Kyoto’s flat geography makes long strolls easy.
And by using bustling Shijo Street — also known as Shijo-dori — as a main street for navigation, it was a breeze to weave through the city during my three-month trip in May.
Between meal runs and plotting routes to popular attractions such as Nijo Castle and Kiyomizudera, I clocked close to 130 miles on foot.
Kyoto’s traditional businesses and ancient temples didn’t disappoint, but a new trend caught my attention. More artisanal shops are popping up — many not far from the city’s most famous sights.
Here are five of my favorites.
O’Chill — for meditation and tea
Opened in June 2023
Closest to: Kyoto Imperial Palace (12 minutes)
Curiosity was my main motivation to visit O’Chill, which allows visitors the chance to drink — and smoke — tea.
Phones are strictly forbidden in the zen-like ceremony room, where matcha is served in a traditional tea ceremony. Guests are then given hookahs, with tobacco replaced by tea leaves.
Co-founder Kiruta Wataru explains that tea leaves remove the prejudice often associated with smoking, while the fired leaves act like incense. The experience is a form of “shiko-hin,” or self-nurturing ritual, he said.
“We believe that any lifestyle is good if the person is happy,” Wataru said.
My eyes widened with the first puff. The perfume of the tea leaves produced a sweet, woody flavor, as I passed the pipe between the company’s other co-founder Daichi Isokawa and two guests.
The 90-minute experience includes a guided meditation and refreshments.
Rokuhichido — for paper objects
Opened in April 2023
Close to: Hokan-ji Temple (1 minute)
The brand first gained popularity with postcards, then expanded to produce playful paper balloons and miniature figurines, shaped like marine animals or places like Mount Fuji.
Designs are based on Japanese traditions and culture, the four seasons and landscapes, manager Shota Yamada said. Its ukiyo-e postcards, featuring classic motifs like geisha and shogun, are the most popular, he added.
“Depending on the product, a single craftsman can produce only a few dozen of our products per day,” said Yamada.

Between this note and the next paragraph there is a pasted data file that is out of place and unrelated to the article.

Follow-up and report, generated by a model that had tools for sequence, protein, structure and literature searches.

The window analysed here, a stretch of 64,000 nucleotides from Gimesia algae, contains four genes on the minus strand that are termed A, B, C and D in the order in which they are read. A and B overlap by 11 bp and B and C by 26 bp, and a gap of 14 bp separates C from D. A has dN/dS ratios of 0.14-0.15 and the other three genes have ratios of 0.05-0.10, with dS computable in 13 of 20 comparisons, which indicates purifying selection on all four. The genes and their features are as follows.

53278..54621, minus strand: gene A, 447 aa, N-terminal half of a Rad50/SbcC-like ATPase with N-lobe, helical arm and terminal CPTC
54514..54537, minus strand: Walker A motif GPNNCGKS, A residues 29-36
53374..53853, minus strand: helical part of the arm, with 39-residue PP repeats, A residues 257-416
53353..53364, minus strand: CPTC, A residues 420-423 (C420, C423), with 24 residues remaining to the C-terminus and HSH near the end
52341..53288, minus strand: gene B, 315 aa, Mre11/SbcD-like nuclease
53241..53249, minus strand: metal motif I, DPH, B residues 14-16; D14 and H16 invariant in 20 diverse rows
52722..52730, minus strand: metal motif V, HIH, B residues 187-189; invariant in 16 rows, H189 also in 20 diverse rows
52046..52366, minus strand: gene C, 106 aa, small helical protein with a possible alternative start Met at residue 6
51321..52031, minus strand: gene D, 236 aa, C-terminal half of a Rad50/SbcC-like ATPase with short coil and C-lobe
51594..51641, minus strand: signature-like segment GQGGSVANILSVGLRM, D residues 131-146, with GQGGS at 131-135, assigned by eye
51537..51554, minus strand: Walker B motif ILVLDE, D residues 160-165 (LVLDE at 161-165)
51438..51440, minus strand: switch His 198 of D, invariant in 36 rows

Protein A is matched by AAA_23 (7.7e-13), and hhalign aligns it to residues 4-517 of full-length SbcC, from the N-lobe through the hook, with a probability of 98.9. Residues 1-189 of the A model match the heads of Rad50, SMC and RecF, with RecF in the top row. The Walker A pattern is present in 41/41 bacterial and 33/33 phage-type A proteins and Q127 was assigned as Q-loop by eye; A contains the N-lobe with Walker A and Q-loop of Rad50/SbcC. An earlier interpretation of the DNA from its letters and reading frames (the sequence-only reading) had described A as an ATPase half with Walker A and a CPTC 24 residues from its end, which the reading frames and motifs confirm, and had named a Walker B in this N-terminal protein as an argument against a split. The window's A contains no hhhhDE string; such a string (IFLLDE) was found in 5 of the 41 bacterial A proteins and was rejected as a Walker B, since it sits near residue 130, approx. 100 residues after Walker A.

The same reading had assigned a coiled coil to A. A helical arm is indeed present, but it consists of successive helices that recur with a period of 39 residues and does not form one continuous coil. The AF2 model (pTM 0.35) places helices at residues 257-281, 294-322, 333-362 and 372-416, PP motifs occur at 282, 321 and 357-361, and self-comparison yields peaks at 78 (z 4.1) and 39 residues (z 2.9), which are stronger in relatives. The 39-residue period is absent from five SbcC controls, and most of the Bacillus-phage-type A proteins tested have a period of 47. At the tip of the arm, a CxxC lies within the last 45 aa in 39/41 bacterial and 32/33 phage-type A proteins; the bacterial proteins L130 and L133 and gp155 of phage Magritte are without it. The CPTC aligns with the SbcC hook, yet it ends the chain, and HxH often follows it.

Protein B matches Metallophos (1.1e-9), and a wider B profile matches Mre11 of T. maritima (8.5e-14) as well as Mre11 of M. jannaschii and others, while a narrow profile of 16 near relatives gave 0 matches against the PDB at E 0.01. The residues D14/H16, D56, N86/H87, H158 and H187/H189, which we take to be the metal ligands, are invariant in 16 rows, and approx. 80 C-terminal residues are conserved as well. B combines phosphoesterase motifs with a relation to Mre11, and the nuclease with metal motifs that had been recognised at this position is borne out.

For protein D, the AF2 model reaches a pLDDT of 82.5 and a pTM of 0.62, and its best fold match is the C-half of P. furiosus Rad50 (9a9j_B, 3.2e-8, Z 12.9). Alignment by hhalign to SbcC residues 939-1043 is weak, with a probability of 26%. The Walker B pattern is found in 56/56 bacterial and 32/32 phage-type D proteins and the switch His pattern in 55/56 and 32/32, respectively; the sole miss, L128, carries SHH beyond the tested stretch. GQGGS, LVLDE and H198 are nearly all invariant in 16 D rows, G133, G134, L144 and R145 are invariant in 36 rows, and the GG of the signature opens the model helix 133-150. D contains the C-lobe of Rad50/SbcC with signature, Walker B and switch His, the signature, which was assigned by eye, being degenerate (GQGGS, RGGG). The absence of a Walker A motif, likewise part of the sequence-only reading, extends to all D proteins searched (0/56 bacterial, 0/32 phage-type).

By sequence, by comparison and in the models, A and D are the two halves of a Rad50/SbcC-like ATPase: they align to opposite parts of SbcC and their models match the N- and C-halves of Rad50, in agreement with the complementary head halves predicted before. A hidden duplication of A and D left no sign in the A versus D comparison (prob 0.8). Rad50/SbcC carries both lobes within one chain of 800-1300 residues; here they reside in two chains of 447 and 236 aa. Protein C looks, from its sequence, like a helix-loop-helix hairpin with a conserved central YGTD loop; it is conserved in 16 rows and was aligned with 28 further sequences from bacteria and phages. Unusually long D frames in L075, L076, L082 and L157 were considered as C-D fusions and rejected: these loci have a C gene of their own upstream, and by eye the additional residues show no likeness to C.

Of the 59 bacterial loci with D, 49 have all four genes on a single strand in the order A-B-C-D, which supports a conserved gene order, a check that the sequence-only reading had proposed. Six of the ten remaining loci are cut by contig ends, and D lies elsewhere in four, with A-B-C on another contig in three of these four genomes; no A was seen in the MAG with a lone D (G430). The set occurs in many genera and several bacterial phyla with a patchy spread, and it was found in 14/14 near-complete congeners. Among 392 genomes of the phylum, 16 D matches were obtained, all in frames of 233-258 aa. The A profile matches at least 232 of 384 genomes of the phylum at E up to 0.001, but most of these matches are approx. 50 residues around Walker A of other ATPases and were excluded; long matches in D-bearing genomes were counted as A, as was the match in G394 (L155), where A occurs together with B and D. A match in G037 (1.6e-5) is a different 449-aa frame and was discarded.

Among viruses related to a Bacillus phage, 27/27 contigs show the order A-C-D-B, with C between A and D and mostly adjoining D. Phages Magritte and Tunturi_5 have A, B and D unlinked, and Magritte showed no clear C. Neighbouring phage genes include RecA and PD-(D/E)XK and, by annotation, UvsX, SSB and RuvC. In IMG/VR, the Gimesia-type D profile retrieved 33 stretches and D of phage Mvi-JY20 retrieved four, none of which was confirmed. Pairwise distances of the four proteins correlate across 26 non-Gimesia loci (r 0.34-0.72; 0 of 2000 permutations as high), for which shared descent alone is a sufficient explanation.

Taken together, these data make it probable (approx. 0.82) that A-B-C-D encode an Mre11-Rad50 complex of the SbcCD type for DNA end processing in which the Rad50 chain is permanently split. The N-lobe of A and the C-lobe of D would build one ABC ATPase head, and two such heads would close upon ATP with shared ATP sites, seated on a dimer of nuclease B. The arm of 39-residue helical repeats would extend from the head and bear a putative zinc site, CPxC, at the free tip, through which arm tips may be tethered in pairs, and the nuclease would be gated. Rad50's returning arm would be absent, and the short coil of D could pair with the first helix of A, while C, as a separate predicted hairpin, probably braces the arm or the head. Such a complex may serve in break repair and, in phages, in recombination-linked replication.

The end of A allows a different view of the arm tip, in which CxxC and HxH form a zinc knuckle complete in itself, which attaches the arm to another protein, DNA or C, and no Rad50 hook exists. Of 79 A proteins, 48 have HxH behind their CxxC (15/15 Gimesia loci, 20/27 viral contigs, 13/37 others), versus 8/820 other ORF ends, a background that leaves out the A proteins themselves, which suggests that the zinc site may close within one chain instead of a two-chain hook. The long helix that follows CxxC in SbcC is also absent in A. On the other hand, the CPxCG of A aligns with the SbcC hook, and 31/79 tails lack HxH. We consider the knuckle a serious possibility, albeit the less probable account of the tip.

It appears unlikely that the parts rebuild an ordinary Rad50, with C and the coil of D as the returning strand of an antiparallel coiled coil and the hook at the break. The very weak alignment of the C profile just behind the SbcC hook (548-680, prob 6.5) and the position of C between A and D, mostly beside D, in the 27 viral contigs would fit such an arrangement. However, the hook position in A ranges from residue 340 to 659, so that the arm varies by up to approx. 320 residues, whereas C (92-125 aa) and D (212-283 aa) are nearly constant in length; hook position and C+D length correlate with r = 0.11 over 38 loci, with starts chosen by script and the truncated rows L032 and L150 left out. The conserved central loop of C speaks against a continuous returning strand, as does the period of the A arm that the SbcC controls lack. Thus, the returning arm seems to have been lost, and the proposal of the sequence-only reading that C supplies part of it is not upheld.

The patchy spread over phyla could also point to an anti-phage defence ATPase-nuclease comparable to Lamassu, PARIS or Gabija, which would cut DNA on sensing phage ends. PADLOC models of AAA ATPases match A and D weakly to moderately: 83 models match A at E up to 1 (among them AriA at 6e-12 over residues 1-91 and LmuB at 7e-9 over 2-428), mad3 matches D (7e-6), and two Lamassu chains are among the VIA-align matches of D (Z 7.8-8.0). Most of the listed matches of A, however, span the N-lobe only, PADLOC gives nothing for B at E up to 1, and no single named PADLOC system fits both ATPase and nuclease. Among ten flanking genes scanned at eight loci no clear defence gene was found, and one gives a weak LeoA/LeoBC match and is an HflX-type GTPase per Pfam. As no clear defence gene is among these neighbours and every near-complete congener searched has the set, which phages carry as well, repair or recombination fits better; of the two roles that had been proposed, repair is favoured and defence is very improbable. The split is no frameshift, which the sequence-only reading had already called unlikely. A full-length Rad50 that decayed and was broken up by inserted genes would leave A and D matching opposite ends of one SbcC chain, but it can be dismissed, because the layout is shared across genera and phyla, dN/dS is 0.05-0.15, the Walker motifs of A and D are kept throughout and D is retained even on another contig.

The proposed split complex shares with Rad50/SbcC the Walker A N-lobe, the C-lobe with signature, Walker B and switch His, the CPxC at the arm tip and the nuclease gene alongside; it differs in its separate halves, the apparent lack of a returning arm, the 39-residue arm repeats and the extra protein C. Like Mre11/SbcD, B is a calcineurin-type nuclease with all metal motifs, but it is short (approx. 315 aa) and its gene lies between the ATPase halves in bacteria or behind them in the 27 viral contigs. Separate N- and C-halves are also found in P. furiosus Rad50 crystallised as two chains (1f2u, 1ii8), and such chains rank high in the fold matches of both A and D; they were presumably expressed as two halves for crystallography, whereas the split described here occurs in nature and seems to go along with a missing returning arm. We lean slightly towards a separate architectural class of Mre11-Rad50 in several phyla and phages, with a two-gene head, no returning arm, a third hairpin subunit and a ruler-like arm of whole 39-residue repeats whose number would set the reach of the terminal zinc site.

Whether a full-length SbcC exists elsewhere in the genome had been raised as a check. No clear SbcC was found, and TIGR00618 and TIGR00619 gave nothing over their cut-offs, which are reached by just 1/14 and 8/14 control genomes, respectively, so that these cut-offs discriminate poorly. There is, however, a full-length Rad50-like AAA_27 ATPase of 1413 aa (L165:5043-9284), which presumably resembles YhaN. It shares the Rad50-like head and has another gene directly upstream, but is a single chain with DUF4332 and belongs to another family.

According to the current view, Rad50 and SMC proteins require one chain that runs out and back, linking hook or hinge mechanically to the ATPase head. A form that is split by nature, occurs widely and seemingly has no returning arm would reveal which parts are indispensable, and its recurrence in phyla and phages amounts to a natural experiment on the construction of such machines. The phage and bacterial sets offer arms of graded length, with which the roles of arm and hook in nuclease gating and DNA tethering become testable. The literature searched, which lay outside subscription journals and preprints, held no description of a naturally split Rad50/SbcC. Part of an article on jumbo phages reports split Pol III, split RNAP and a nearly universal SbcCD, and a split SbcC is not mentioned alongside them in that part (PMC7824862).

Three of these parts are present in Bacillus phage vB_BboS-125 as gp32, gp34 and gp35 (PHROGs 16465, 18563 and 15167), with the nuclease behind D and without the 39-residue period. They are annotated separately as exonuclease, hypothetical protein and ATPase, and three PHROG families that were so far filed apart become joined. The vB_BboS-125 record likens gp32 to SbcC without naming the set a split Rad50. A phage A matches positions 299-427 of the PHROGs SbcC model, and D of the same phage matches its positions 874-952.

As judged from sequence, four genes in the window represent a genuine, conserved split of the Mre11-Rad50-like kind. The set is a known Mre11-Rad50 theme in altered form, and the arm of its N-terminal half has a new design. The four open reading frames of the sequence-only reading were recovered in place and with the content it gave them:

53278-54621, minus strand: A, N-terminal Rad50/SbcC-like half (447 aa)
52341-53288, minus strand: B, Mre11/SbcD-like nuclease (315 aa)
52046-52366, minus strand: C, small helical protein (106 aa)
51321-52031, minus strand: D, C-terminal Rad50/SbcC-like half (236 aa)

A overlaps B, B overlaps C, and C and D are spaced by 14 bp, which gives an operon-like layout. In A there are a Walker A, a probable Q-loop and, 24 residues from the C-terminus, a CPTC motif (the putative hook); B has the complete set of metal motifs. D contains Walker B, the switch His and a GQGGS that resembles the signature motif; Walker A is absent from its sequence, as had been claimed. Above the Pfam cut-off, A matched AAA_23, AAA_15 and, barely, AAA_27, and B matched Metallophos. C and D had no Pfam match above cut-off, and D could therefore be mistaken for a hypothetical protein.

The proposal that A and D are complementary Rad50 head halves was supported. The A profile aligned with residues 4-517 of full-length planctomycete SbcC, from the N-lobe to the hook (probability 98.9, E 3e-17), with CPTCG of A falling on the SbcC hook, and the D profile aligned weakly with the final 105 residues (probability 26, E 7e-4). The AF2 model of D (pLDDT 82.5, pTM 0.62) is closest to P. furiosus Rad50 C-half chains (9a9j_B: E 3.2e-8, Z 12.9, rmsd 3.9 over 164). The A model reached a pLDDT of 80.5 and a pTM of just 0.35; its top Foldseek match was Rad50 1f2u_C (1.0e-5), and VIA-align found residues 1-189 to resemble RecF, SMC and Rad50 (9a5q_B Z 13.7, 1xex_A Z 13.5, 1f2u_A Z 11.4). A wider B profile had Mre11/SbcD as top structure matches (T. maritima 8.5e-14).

Gokago — for matcha drinks and food
Opened in June 2023
Close to: Kiyomizudera Temple (2 minutes)
There’s no shortage of matcha cafes in Kyoto, but no one does it quite like Gokago. The finely ground green tea — in everything from drinks and donuts to ice cream — is whisked right in front of guests.
Tea ceremonies are a wonderful Japanese tradition, said the company’s director Kazuaki Nakanishi. “Since experiencing the traditional tea ceremony can be a hurdle, we thought it was important to offer it in a casual style to make it accessible to as many people as possible,” he said.
Admittedly, the experience here doesn’t replace the real thing, but it’s still a great stop for an authentic matcha brew en route to Kiyomizudera, one of Kyoto’s most famous temples. And visitors get to see the precise movements and formal presentation of the ingredients, which is part of the ritualistic grace of a formal ceremony.
Kaji Kyoto — for Peruvian and Japanese fine dining
Opened in May 2023
Closest to: Nishiki Market (11 minutes)
Traditional restaurants are everywhere in Kyoto, but Kaji Kyoto isn’t one of them.
“I want guests to leave Kaji and see how Japanese people that left Japan had to adapt because the ingredients they had were different — and were just as delicious,” said head chef Keone Koki.
Koki brings his Peruvian heritage to Japanese cooking, in one example using passion fruit from Okinawa as a marinade for a tiradito, an onion-free ceviche. “It’s also a bit different since most sashimis are only eaten with shoyu,” he said.
With only eight seats, the restaurant is housed in a traditional merchant house, with seating split by a small kitchen in between. The effect is much like a performance, with Koki and his crew of five endearing themselves to guests with light banter.
Fuku Coffee Roastery — for specialty coffee
Opened in March 2023
Close to: Kennin-ji Temple (4 minutes)
I initially thought this was a coffeehouse, but I found out from Morio Ajiki that his company provides high quality coffee beans to businesses.
Luckily, visitors can still drop by for a cup.
“There were customers stopping by my shop who wanted to try my coffee,” Ajiki said. “So I decided to serve them.”
It’s easy to strike up a conversation with the shy but affable Ajiki, who will likely pop through a set of sliding doors that lead to his home. You might even catch a glimpse of his cat, which the store is named after.
Cups of coffee are meant to be had on the go, but there are two benches — one inside and the other out front — for those who wish to stay.
The roastery displays products made by artists in the neighboring alley. This level of mutual respect between artisans in Kyoto makes discoveries like this well worth the walks.